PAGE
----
These quick minty chocolate shapes mark the first post of our St. Paddy’s-dedicated Green Week. It’s also our first post of spring break so Chai and I are very excited about that, too. My sous and I will be posting green dessert and booze (mostly booze) recipes all week, as well as the results of our Irishy/St. Paddy’sy history research. In this post, we’ve used a round mold to create holiday appropriate shamrock-topped chocolate coins. (Read on for more about those.) And, of course, everything is better when it’s shaped like a dinosaur so we made those, too! We’ll also discuss the history of Saint Patrick himself and how the heck this holiday came to be celebrated worldwide.
Saint Patrick’s Day, also known as Lá Fhéile Pádraig or the Day of the Festival of Patrick, was originally a religious celebration held to honor the death of the foremost patron saint of Ireland. Saint Patrick is believed to have died on March 17th. This became an official Christian feast day in the early 17th century and is observed by the Catholic, Anglican, Eastern Orthodox and Lutheran churches. The day also commemorates the arrival of Christianity to Ireland, as well as Irish heritage and culture. It is customary to wear green, a color traditionally associated with Ireland and Saint Patrick, on this feast day.
Patrick himself was a 5th century Christian missionary and bishop. He was apparently born in Roman Britain in the 4th century to a wealthy family. Patrick is believed to have detailed his life story in a document called the Declaration. Patrick’s father was a Christian deacon and his grandfather was a priest. At the age of 16, Patrick was kidnapped by Irish raiders and enslaved. He worked as a shepherd in Ireland for six years until he was told by God to flee to the coast. A ship was waiting there and he was able to make his way home where he became a priest. Patrick later returned to Ireland to convert the pagan Irish to Christianity. According to legend, he used a three-leaved shamrock to explain the Holy Trinity to the Irish. His efforts to convert or drive off the Pagans, mostly the Celts, would be allegorized as Saint Ptrick driving the snakes out of Ireland. He is believed to have died on March 17th and was buried at Downpatrick.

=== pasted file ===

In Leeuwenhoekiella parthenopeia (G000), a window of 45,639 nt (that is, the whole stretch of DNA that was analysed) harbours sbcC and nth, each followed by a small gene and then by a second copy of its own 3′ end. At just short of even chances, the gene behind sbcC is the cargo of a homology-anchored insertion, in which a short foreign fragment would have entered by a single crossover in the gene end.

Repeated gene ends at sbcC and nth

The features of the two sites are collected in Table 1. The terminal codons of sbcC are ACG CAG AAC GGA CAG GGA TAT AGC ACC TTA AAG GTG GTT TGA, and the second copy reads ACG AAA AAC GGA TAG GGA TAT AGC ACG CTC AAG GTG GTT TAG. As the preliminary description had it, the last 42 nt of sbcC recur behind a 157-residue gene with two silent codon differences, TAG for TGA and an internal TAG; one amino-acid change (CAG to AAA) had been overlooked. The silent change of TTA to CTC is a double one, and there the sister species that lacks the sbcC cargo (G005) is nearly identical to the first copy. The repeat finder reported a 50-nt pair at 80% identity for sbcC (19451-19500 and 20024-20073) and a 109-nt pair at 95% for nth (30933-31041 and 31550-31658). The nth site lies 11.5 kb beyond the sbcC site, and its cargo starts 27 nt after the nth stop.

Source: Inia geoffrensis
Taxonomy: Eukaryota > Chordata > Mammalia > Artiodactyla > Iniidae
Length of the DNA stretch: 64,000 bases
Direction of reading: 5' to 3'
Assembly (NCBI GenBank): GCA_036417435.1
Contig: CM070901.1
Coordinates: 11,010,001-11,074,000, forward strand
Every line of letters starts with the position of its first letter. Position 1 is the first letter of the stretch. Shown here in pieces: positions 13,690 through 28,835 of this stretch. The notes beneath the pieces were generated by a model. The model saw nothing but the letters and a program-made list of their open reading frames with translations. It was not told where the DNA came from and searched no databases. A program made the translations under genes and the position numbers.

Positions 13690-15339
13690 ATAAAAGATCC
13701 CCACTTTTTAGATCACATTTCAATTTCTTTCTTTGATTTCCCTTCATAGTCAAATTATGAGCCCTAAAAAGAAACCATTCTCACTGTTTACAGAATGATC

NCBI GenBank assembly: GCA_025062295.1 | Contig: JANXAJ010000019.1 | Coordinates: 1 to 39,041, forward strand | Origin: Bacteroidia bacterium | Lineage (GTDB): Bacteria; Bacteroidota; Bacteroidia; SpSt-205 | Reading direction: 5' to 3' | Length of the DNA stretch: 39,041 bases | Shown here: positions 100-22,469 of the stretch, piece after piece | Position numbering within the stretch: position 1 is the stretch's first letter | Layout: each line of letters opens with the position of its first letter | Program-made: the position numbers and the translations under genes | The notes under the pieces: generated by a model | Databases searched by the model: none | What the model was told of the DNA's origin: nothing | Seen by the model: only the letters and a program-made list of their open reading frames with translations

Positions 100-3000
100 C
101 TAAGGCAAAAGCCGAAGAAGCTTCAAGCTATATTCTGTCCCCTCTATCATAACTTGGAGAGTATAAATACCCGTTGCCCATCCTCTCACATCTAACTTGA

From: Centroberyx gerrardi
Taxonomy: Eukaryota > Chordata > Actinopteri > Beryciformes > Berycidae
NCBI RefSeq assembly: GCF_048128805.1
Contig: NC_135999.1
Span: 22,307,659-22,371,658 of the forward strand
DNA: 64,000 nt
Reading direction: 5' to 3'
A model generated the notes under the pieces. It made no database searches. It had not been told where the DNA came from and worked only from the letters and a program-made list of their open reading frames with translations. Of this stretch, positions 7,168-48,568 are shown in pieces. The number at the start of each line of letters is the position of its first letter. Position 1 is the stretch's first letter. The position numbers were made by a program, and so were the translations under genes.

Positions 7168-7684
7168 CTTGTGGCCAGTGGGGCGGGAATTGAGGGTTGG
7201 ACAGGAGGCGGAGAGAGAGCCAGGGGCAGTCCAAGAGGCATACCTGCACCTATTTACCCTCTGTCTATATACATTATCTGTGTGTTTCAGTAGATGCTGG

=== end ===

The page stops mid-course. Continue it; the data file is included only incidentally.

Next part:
Saint Patrick’s Day first became popular in the US after the first Saint Patrick’s Day parade was held in New York City. In fact, many countries celebrate this traditionally Irish day including Australia, Canada, Singapore and Russia! The manner in which Saint Patrick’s Day is celebrated in Ireland differs greatly from how it is celebrated in the United States. In Ireland, it is treated as a holy day. Banks and offices are closed. People go to mass and spend quiet time with their families. There are some large parades but it does not center so much around drinking.
Stay tuned for the rest of the week when we’ll be exploring traditional Irish cuisine, leprechaun folklore, the Irish War of Independence and the Irish Civil War.
Green Week Features!
Mint Dark Chocolate Dinosaurs + Shamrock Coins
9.5 oz dark chocolate (I used Dove Promises.)
¼-1/2 teaspoon peppermint extract, to taste
Distribute M+Ms evenly between silicone mold cups. (To make the shamrock coins, I placed 3 M+Ms in a shamrock shape in the bottom of each of my circular mold cups. If you do not have a silicone mold, make chocolate bark. For the dinosaurs, obviously, I used a dino mold! Line a baking sheet with parchment paper, spread the melted chocolate over it and sprinkle the M+Ms on top of the melted chocolate.)
Melt chocolate in microwave at 20-second intervals, stirring between each, until smooth.
Mix in peppermint extract.
Spoon melted chocolate over the M+Ms in the mold. (Be careful not to disturb the shamrock shape.)
Allow to set and pop chocolates out of molds.